ICT Pulse, in reading the latest McKinsey survey, wonders if the IT department – as we know it – is on its way out.

Historical Overview of Cambodia's Land and Housing Problem

Hallam Goad analyzed the problems and issues that plagued Cambodia's urban development in the past two decades:

Phnom Penh has followed the clichéd patterns of newly emerging nations almost to the letter with the urban poor shouldering many of the downsides. What few people recognise is that most of it could have been avoided.

With over 150,000 residents displaced since 1990 the story has been far from positive and in many cases has compounded and exacerbated what was already a very precarious existence.

State of Political Blogging in Vietnam

Doan Trang observed that a growing number of Vietnamese bloggers have been tackling human rights and other political issues by

writing commentaries and analyses, even finding supplementary facts. Despite the emotional style which may sometimes reveal their non-professionalism, they filled the vacuum left by the mainstream media which in most cases would only report news without producing any in-depth analysis.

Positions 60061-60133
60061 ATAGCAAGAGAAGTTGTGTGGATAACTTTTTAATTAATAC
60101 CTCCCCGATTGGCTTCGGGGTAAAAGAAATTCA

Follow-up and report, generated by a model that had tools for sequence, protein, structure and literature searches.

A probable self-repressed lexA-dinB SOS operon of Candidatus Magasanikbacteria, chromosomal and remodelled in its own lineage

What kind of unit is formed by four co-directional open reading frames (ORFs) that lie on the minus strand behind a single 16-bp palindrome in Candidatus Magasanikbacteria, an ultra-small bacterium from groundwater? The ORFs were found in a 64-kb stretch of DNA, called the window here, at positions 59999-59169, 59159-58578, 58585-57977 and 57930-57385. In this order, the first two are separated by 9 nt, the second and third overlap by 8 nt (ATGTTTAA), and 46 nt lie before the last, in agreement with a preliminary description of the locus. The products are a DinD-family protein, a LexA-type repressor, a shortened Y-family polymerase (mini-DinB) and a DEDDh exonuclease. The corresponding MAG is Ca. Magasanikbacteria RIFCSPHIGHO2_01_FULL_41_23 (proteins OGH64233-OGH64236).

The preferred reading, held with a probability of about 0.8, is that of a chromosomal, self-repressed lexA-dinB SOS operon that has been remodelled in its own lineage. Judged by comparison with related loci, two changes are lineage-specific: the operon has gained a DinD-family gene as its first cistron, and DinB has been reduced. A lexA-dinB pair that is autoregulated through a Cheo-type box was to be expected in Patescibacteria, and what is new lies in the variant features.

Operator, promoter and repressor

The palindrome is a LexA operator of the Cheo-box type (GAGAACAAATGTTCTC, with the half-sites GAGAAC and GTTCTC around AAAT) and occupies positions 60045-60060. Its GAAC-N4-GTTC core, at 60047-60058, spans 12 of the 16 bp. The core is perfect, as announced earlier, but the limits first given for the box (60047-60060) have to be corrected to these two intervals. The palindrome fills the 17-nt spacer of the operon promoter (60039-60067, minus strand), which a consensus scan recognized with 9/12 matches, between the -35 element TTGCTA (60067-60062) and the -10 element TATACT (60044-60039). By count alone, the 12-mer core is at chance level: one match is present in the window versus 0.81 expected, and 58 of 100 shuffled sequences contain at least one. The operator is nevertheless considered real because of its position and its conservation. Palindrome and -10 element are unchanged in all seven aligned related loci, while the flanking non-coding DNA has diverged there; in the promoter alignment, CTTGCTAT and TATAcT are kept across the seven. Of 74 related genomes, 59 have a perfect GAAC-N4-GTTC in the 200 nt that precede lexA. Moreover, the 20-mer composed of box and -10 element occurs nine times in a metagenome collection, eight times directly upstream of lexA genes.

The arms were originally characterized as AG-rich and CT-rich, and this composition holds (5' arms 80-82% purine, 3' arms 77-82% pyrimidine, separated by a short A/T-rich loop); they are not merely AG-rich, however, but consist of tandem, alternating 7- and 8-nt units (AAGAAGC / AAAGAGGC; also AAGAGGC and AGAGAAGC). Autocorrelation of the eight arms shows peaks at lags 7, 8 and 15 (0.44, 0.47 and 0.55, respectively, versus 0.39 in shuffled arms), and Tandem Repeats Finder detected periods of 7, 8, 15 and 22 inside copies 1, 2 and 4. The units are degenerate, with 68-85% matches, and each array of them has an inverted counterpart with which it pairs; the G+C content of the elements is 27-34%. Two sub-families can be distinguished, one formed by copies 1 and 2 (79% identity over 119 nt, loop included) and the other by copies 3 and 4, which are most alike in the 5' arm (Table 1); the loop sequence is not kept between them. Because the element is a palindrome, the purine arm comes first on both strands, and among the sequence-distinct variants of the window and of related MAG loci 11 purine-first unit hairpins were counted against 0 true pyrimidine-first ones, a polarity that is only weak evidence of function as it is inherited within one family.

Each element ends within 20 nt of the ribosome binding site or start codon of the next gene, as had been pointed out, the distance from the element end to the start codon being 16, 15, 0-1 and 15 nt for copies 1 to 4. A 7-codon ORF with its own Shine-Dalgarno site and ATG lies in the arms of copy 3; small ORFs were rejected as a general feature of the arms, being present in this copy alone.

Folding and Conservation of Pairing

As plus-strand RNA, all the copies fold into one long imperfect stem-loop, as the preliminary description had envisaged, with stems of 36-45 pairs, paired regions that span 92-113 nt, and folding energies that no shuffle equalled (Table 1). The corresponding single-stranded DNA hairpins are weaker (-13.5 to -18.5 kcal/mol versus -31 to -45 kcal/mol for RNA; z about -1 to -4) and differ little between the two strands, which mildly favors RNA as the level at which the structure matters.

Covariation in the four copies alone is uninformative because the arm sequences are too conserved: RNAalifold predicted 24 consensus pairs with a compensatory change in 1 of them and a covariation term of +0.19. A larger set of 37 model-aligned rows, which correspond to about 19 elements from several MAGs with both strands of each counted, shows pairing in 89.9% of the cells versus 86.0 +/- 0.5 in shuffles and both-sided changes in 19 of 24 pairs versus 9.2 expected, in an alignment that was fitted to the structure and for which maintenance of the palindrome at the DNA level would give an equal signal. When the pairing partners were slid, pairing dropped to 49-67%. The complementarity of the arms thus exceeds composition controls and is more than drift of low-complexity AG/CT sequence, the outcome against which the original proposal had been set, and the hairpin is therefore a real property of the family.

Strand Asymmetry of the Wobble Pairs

But only few are writing in English:

Though much progress has been made, alternative media in Vietnam still aims mostly at the Vietnamese audience. In other words, bloggers still “talk to themselves” or “write for their fellow citizens” only. News stories in English, if any, came as a result of the accidental attention by some foreign reporter about Vietnam's human rights situation via his/ her individual contact network.

Trinidad & Tobago: Lack of Accountability